John Mason is a member of Carter Jonas’ Planning & Development team in Cambridge, who first moved to the city as an undergraduate studying for a geography degree. But his planning and development experience is far from limited to Cambridge.  

After completing his first degree and keen to travel while also considering his future career path, John undertook the 4CITIES+ Erasmus Mundus Joint Master Degree in Urban Studies awarded by the University of Vienna. 

The two year course involved academic study and real-life insight into the practice of urban development in Brussels, Vienna, Copenhagen and Madrid – providing exposure to European cities with varying historical, demographic, political and economic systems. The course enabled theory and practice to be reflected in each other, while also providing an opportunity to compare and contrast the merits of the planning systems of each city. 



Starting in Brussels provided a direct comparison to the UK, as John explains:Belgium has one of the most complicated governance systems in Europe, and this is reflected in their urban planning. In Brussels, planning is mostly devolved to the 19 municipalities, each of which have their own planning controls. The term “Brusselisation” was coined to reflect this absence of a co-ordinated approach to planning, and the sometimes disastrous consequences this can have for heritage and streetscapes. This has also led to problems ranging from inequality to traffic congestion and pollution, which can only be addressed at a regional level. On the other hand, it has created much more space for ground-up, citizen-led advocacy on specific issues, and the flourishing of an interesting underground culture.”  



Planning in Copenhagen is relatively controlled and well established: “In 1947, Copenhagen established the Five Finger Plan. The city’s growth plan designated corridors of urban development along five railway lines (the ‘fingers’), to provide convenient transportation to the city centre (the ‘hand’) – the fingers stretching out to provide increasing amounts green space as they extended from the city centre. The plan has successfully allowed for controlled urban growth while leaving space open for recreation and agriculture.  

“The Five Finger Plan is not dissimilar to our Green Belt and has widespread public recognition, but rather than a restraint, it comes across as a more pro-development approach. There’s a lot to be said for the structure of channels of protected land as compared to the Green Belt which provides extensive green spaces on the perimeter but consequently denser development in the centre.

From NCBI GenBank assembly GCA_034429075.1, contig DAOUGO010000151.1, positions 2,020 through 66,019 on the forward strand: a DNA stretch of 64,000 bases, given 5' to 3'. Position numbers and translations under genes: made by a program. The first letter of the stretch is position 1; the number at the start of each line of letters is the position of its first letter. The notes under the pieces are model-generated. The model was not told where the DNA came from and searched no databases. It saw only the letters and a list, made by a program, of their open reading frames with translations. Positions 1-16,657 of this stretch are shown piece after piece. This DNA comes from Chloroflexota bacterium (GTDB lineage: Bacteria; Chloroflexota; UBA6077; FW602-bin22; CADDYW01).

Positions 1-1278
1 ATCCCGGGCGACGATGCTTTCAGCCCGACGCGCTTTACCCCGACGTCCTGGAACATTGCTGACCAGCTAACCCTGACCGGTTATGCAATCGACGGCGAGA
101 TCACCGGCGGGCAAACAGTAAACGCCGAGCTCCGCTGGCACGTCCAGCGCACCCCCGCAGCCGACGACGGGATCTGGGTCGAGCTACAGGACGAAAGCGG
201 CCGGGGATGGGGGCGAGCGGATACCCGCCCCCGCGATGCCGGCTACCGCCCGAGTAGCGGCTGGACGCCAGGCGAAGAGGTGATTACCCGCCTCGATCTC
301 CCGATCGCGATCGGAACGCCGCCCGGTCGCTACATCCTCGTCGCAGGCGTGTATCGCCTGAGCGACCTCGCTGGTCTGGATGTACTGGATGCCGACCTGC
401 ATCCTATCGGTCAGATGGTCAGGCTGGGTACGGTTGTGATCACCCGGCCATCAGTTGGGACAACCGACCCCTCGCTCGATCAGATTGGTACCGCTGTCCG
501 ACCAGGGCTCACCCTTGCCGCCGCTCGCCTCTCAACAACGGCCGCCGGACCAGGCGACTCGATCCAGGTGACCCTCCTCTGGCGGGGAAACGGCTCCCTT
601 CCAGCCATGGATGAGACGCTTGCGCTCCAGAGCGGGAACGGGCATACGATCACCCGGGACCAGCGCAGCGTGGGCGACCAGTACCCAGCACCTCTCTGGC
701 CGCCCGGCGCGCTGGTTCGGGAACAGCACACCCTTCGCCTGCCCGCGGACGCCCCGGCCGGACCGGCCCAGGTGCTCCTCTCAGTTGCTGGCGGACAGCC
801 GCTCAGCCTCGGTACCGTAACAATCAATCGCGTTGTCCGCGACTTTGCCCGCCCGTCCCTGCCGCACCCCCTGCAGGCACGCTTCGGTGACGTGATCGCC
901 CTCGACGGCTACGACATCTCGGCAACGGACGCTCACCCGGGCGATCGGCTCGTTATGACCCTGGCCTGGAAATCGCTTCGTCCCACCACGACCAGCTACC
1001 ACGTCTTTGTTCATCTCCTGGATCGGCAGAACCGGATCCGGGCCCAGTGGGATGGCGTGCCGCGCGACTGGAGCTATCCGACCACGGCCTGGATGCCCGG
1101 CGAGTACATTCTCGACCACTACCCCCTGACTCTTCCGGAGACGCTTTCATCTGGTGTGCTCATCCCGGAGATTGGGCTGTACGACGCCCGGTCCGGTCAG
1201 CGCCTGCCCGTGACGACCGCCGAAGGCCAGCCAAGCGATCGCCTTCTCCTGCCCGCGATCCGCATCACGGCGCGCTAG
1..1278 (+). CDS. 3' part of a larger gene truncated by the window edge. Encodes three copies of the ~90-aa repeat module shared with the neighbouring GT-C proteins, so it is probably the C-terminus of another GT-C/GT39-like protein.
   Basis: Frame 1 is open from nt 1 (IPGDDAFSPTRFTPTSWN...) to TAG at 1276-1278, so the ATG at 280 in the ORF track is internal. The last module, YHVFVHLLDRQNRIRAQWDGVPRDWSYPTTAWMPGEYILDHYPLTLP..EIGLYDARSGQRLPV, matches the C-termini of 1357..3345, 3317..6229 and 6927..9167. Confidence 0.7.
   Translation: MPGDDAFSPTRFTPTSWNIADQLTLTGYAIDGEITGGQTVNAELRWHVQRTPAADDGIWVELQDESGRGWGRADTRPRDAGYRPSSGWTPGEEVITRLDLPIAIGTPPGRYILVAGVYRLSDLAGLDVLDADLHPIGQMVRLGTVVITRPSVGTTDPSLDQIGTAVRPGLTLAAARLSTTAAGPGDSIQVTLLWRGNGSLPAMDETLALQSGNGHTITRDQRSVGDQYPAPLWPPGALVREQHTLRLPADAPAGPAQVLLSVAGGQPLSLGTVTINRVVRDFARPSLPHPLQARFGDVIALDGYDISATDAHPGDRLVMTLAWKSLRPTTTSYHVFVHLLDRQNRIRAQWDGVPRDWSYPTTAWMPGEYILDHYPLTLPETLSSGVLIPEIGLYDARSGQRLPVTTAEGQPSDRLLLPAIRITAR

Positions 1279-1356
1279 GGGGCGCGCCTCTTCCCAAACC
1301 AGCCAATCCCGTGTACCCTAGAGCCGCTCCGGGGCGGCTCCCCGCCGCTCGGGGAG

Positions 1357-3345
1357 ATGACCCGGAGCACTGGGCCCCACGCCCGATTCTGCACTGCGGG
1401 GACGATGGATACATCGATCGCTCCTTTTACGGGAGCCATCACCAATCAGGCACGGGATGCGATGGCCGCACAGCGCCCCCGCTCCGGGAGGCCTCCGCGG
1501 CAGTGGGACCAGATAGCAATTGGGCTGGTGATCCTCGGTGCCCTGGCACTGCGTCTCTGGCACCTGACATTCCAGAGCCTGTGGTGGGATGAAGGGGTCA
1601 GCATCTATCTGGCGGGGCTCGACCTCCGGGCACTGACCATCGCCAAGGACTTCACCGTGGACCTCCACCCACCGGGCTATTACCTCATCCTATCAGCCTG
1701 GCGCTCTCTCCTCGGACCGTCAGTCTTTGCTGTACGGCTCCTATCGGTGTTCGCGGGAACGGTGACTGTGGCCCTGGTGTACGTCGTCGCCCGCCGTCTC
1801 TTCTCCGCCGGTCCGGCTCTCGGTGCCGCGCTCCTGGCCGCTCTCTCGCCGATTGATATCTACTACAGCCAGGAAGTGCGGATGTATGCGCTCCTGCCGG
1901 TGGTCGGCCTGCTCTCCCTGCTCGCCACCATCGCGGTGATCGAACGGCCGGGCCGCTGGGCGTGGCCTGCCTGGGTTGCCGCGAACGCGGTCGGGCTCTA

“Partly due Copenhagen being a design capital (architecture isn’t a protected practice in Denmark and consequently there tend to be more designers in Copenhagen than elsewhere) there is a high standard for urban design. The topography of this island city, supported by continued municipal investment in safe pro-cycling infrastructure, has meant that cycling has always been popular and vehicle emissions are reduced.



Madrid’s planning system is highly legalistic and based on codes and statutes. There is no city plan. New development areas are zoned by the city and then developed privately – often as part of a public-private partnership. Any strategic vision or specific initiatives are set by the city’s Mayor. In recent years this has included pedestrianisation of the city centre, new social housing programmes, and a new urban forest – generally popular, but limited by political cycles. The system is fairly impenetrable for ordinary citizens, and there have been corruption cases associated with land re-zoning in the past.” 



Vienna is John’s favourite European city – ‘a paradise’ – but for reasons which are specific to Vienna. “Dating back to the 1930s, Vienna embarked on an enormous building programme of social housing. These houses have never been sold off, and today 60% of Vienna’s residents live in subsidised housing. Social housing remains an attractive option for many middle-classes, creating genuinely mixed communities. Meanwhile, a Land Procurement and Urban Renewal Fund has been running for the past 40 years, allowing the city to acquire vast tracts of land.